Consider solving

\begin{equation*} 3\ddot{x}+30\dot{x}+63x=4\dot{g}(t)+6g(t) \end{equation*}

in Jupyter where

\begin{equation*} g(t)=u_s(t) \end{equation*}

is the unit step function (Heaviside Function) and $$x(0) = 4$$ and $$\dot{x}(0)=7$$.

%matplotlib inline
from sympy.integrals.transforms import laplace_transform
from sympy.integrals.transforms import inverse_laplace_transform
from sympy import *
import sympy as sympy
from sympy.abc import a, t, x, s, X, g, G
init_printing(use_unicode=True)

x, g, X = symbols('x g X', cls = Function)

x0 = 4
v0 = 7

g = Heaviside(t) #This is just the step function

laplace_transform(Heaviside(t), t, s) # Checking the performance of the Laplace Transform Module

(1/s, 0, True)

laplace_transform(DiracDelta(t), t, s) # Checking the performance... this is wrong. Should get 1.

(1/2, -oo, True)

laplace_transform(DiracDelta(t - 2), t, s) # right result

(exp(-2*s), -oo, True)

laplace_transform(DiracDelta(t - a), t, s)[0] # right result (theta(t) is a Heaviside function representation in SymPy)

\begin{equation*} \left(- \theta\left(a e^{i \pi}\right) + 1\right) e^{- a s} \end{equation*}
laplace_transform(DiracDelta(t - a), t, s)[0].subs(a,2) # Looks good

\begin{equation*} e^{- 2 s} \end{equation*}
laplace_transform(DiracDelta(t - a), t, s)[0].subs(a,1) # Looks good

\begin{equation*} e^{- s} \end{equation*}
laplace_transform(DiracDelta(t - a), t, s)[0].subs(a,0.0000001) # Looks to converge

\begin{equation*} e^{- 1.0 \cdot 10^{-7} s} \end{equation*}
laplace_transform(DiracDelta(t - a), t, s)[0].subs(a,-0.0000001) #So... here is the illustration.

\begin{equation*} 0 \end{equation*}

What's happening here is that SymPy currently takes the position that half the Dirac delta happens before zero, half after, so the result should only be half as big. I think I'm in a rather large crowd in saying that this isn't proper. It makes some theoretical sense, and is a wonderful math debate. However, given convention says that $$\delta(t)$$ is fully captured by a Laplace transform with a result of $$1$$ (Mathematica, Maple, Matlab, every System Dynamics, Controls, and Signal Processing book I've ever read), SymPy is practically wrong. I'm hoping that they will change their minds. I am now a bit skeptical about using SymPy for my math work as the results of a simple conventional application don't match expected behavior consistent with other codes.[1]_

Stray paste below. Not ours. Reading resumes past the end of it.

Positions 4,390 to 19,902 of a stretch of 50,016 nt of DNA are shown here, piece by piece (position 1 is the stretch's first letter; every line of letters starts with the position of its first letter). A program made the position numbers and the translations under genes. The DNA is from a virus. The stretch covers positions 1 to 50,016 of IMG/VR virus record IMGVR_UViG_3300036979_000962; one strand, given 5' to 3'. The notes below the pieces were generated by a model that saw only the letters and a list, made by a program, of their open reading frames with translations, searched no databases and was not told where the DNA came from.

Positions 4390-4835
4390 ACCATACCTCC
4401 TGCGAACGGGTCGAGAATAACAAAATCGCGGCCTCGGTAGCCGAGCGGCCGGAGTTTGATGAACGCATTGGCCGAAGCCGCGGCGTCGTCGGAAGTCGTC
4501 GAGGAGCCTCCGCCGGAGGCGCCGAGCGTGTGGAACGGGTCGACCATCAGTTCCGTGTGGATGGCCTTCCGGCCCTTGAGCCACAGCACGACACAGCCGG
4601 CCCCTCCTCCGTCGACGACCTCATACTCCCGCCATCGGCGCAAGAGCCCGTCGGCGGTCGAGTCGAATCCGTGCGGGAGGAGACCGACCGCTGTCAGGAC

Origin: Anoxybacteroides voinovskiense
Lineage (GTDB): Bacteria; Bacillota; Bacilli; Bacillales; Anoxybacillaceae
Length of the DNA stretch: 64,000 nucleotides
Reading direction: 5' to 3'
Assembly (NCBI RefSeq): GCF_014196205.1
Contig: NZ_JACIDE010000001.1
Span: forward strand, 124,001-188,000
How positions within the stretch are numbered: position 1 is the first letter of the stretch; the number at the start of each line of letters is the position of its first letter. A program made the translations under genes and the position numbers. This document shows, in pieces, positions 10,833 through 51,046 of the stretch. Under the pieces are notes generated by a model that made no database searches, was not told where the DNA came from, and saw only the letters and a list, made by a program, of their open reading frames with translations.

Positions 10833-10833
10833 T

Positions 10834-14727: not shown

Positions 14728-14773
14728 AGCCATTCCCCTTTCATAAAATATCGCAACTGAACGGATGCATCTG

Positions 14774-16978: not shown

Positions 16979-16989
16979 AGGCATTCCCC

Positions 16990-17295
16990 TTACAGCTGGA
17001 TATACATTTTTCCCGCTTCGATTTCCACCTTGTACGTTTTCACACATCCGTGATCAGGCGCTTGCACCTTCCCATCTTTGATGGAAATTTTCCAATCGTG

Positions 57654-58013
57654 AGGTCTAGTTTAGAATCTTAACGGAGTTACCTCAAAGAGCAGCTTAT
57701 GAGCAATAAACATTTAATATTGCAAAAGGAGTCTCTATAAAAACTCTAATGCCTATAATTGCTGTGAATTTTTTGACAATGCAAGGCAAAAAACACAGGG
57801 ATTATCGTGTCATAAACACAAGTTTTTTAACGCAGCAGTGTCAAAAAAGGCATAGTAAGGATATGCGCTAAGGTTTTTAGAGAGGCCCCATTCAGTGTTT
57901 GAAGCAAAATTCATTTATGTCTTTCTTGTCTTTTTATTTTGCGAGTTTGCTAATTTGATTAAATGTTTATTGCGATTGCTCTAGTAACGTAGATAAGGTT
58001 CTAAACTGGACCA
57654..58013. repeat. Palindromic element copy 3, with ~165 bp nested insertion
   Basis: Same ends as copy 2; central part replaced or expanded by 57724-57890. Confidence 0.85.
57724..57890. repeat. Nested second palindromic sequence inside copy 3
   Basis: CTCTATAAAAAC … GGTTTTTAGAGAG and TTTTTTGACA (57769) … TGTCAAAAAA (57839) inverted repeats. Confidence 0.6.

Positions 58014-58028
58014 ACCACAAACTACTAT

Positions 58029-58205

So we note that SymPy isn't taking the Laplace Transform properly here, so we need to avoid using this result. (we should have gotten 1) Valid as of 0.7.6.1

print(sympy.__version__)

0.7.6.1


The first line below would work if SymPy performed the Laplace Transform of the Dirac Delta correctly. Short of that, we manually insert the Laplace Transform of $$g(t)$$ and $$\dot{g}(t)$$ where $$g(t)=u(t)$$.

#eom  = Eq(3*(s**2 * X(s)-s*x0-v0)+30 * (s*X(s)-x0)+ 63 * X(s), laplace_transform( 4 * diff(g,t) + 6 * g, t, s, noconds = True))

eom  = Eq(3*(s**2 * X(s)-s*x0-v0)+30 * (s*X(s)-x0)+ 63 * X(s), 4 * 1 + 6 * 1/s)
eom

\begin{equation*} 3 s^{2} X{\left (s \right )} + 30 s X{\left (s \right )} - 12 s + 63 X{\left (s \right )} - 141 = 4 + \frac{6}{s} \end{equation*}
Xofs = solve(eom,X(s))
Xofs[0]

\begin{equation*} \frac{12 s^{2} + 145 s + 6}{3 s \left(s^{2} + 10 s + 21\right)} \end{equation*}
soln = inverse_laplace_transform(Xofs[0],s,t)
soln

\begin{equation*} \frac{\theta\left(t\right)}{84} \left(8 e^{7 t} + 749 e^{4 t} - 421\right) e^{- 7 t} \end{equation*}
soln_simp = expand(soln)
soln_simp

\begin{equation*} \frac{2 \theta\left(t\right)}{21} + \frac{107 \theta\left(t\right)}{12} e^{- 3 t} - \frac{421 \theta\left(t\right)}{84} e^{- 7 t} \end{equation*}
N(soln_simp,5)

\begin{equation*} 0.095238 \theta\left(t\right) + 8.9167 e^{- 3 t} \theta\left(t\right) - 5.0119 e^{- 7 t} \theta\left(t\right) \end{equation*}

Note that $$\theta(t)$$ is SymPy's notation for a step function. This simply means the answer can't be used before $$t=0$$.

 [1] This has been fixed in later revisions.